Orlaith Tunney , Nederlands Interdisciplinair Demografisch Instituut (NIDI-KNAW)
Jaap Oude Mulders, NIDI
The changing demographic makeup of developed countries is expected to result in significant labor shortages. Consequently, older workers are increasingly being encouraged to work beyond normal retirement age (NRA). Given that employers generally control the opportunities for employees to work beyond NRA, better understanding their motivations, attitudes, and experiences in (re)hiring employees beyond NRA is vital. To date however, research investigating work after NRA has primarily focused on the perspectives and experiences of employees. In this article, we study which factors influence whether employers (re)hire older workers to work beyond NRA, using data from a 2017 survey of 1,256 Dutch employers. Among those who had employed workers beyond NRA, we further investigated the predictors of employer attitudes and the employment arrangements used. Half of the organizations had experience employing people beyond NRA, although most only did so incidentally. Most organizations only (re)hired workers beyond NRA if they had unique knowledge or experience, and at the initiative of the worker. Organizations where social norms were more accepting of working beyond NRA, and where employers were not concerned about older workers blocking the career path of younger workers, were more likely to employ workers beyond NRA. Insights gained from the current research can help guide future research and policy to support successful longer working lives, from both employee and employer perspectives.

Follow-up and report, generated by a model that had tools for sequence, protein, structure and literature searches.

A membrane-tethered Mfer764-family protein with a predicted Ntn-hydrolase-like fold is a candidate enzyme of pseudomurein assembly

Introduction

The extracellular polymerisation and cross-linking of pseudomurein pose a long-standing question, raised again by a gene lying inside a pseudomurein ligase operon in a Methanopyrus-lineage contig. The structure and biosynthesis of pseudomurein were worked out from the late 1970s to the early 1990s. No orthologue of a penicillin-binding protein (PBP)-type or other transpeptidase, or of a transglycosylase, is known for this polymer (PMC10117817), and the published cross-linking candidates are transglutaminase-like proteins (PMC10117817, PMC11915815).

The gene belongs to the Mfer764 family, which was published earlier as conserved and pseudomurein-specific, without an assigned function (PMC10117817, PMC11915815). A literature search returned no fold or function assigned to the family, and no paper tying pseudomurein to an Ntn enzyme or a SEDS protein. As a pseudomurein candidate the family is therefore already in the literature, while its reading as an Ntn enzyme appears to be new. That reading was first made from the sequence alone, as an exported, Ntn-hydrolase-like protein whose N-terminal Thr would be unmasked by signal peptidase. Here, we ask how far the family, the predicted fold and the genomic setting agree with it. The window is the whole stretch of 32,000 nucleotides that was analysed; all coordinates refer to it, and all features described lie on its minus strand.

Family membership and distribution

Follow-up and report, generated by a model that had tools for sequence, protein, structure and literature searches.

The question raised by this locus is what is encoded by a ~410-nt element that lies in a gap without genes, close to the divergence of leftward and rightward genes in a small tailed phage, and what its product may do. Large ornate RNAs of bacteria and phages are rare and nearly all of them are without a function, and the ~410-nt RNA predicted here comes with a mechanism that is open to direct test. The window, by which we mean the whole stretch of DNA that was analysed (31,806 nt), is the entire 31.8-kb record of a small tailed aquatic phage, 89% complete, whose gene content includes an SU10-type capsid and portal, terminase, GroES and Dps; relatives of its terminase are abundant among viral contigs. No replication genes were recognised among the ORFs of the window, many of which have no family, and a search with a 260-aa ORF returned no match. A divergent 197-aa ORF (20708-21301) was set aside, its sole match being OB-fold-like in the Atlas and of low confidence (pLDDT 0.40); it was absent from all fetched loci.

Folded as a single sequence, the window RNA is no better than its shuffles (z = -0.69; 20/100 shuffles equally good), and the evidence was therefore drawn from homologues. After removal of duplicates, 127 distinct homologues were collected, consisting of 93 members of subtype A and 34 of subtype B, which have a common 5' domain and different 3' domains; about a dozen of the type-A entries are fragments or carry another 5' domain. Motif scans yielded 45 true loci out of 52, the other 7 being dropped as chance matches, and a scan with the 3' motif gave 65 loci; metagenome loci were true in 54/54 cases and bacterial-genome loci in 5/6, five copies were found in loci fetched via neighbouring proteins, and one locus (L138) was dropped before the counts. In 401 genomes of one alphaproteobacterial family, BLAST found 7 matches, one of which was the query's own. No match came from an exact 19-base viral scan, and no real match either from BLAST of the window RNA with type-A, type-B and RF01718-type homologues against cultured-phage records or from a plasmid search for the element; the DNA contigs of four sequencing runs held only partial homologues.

Presented in Session 38. Ageing and Retirement